In April of this year, an interviewer asked Claire Messud a silly question about Nora Eldridge, the complex and prickly protagonist of Messud’s new novel The Woman Upstairs: would Messud want to be friends with her?1 Messud’s exasperated answer—“For heaven’s sake, what kind of question is that?”—was interpreted by some readers as evidence that the author of The Woman Upstairs was every bit as angry, and therefore as unsympathetic, as her fictional creation. Messud went on to list complex, disagreeable male characters created by male authors (“Would you want to be friends with Humbert Humbert?”) and suggested that those who read fiction looking for potential friends are missing the point of the novelist’s art.
Messud’s tart response sparked an Internet debate that was ostensibly about whether novelists should make their characters likable, and whether female authors are held to a different standard than male ones in this regard. But other questions shadow these. Does a female writer have the right to suggest that her gender might affect how her work is received? Is she entitled to compare herself to Shakespeare (or to Martin Amis, for that matter), or is such a comparison hubris? Are readers able to separate a female author’s creations from the author herself, or is she doomed to be conflated with the female characters she has imagined, and condemned for their perceived failings in a way that men who write fiction are not?
Messud’s Nora is certainly angry. We know this from the opening sentences of the novel:
How angry am I? You don’t want to know. Nobody wants to know about that.
A specific incident has triggered the state of explosive rage in which Nora finds herself at the novel’s outset. But Messud establishes through extended flashbacks that Nora’s anger is a chronic condition she has been at pains to conceal. A “good girl” for 42 years, she has successfully played a devoted caretaker to her parents, a beloved teacher to her class of third graders, and a supportive, self-effacing helpmeet to her few close friends. Her dreams of artistic success have largely been thwarted, though she points out that “the failure … is all mine, in the end.” She feels frustrated, humiliated, isolated, rejected, and disappointed in herself and in others, but even at her most furious, she remains self-aware.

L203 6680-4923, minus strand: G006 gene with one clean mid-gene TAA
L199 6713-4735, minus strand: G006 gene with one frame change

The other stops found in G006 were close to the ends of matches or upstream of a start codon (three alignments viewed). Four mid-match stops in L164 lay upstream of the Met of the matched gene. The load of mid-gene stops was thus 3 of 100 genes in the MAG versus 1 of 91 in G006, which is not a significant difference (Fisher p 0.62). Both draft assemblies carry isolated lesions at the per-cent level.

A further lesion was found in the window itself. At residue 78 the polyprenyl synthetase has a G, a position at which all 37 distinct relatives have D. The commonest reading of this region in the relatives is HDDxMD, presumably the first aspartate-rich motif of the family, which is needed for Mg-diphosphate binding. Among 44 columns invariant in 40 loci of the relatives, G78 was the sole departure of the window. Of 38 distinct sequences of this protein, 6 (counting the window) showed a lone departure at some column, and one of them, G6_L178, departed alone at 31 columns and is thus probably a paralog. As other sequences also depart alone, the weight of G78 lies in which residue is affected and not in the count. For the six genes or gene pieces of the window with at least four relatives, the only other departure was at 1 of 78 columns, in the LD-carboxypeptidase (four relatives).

Sirena’s imagination is not the only thing that Nora covets.
Nora’s world is changed irrevocably by the arrival in her Cambridge classroom of Reza Shahid, the son of Skandar, a visiting professor at Harvard, and Sirena, an artist—“[a] real one,” Nora notes. Reza is bullied at school; Nora and Sirena meet over coffee to discuss his problems and end up talking about their shared need to make art. After a friendly, increasingly intimate conversation, Sirena suggests that they rent a studio together, and Nora leaps at the chance. Over the course of the “first Shahid year,” Nora becomes entwined in the lives of all three—mother, father, and son—who, together and separately, come to embody Nora’s most carefully hidden desires.
The art Nora begins to make in her new studio takes the form of “little things … rooms the size of shoe boxes, Joseph Cornell–scaled dioramas” depicting the milieus of various female artists in perfect miniature: Emily Dickinson’s Amherst bedroom; Edie Sedgwick’s room in Warhol’s Factory. Sirena’s medium is installations—sweeping fairy-tale landscapes “made out of household items and refuse.” Nora’s small-scale, contained, obsessive work reflects her character, as Sirena’s overflowing, seductive, ultimately deceptive output reflects hers. Both are gendered; both are a little absurd. But Sirena’s art has the power to gain recognition from the rest of the world, while Nora knows that hers, in its current form, does not. She admits of her friend, “I coveted her very imagination, and wished it were mine.”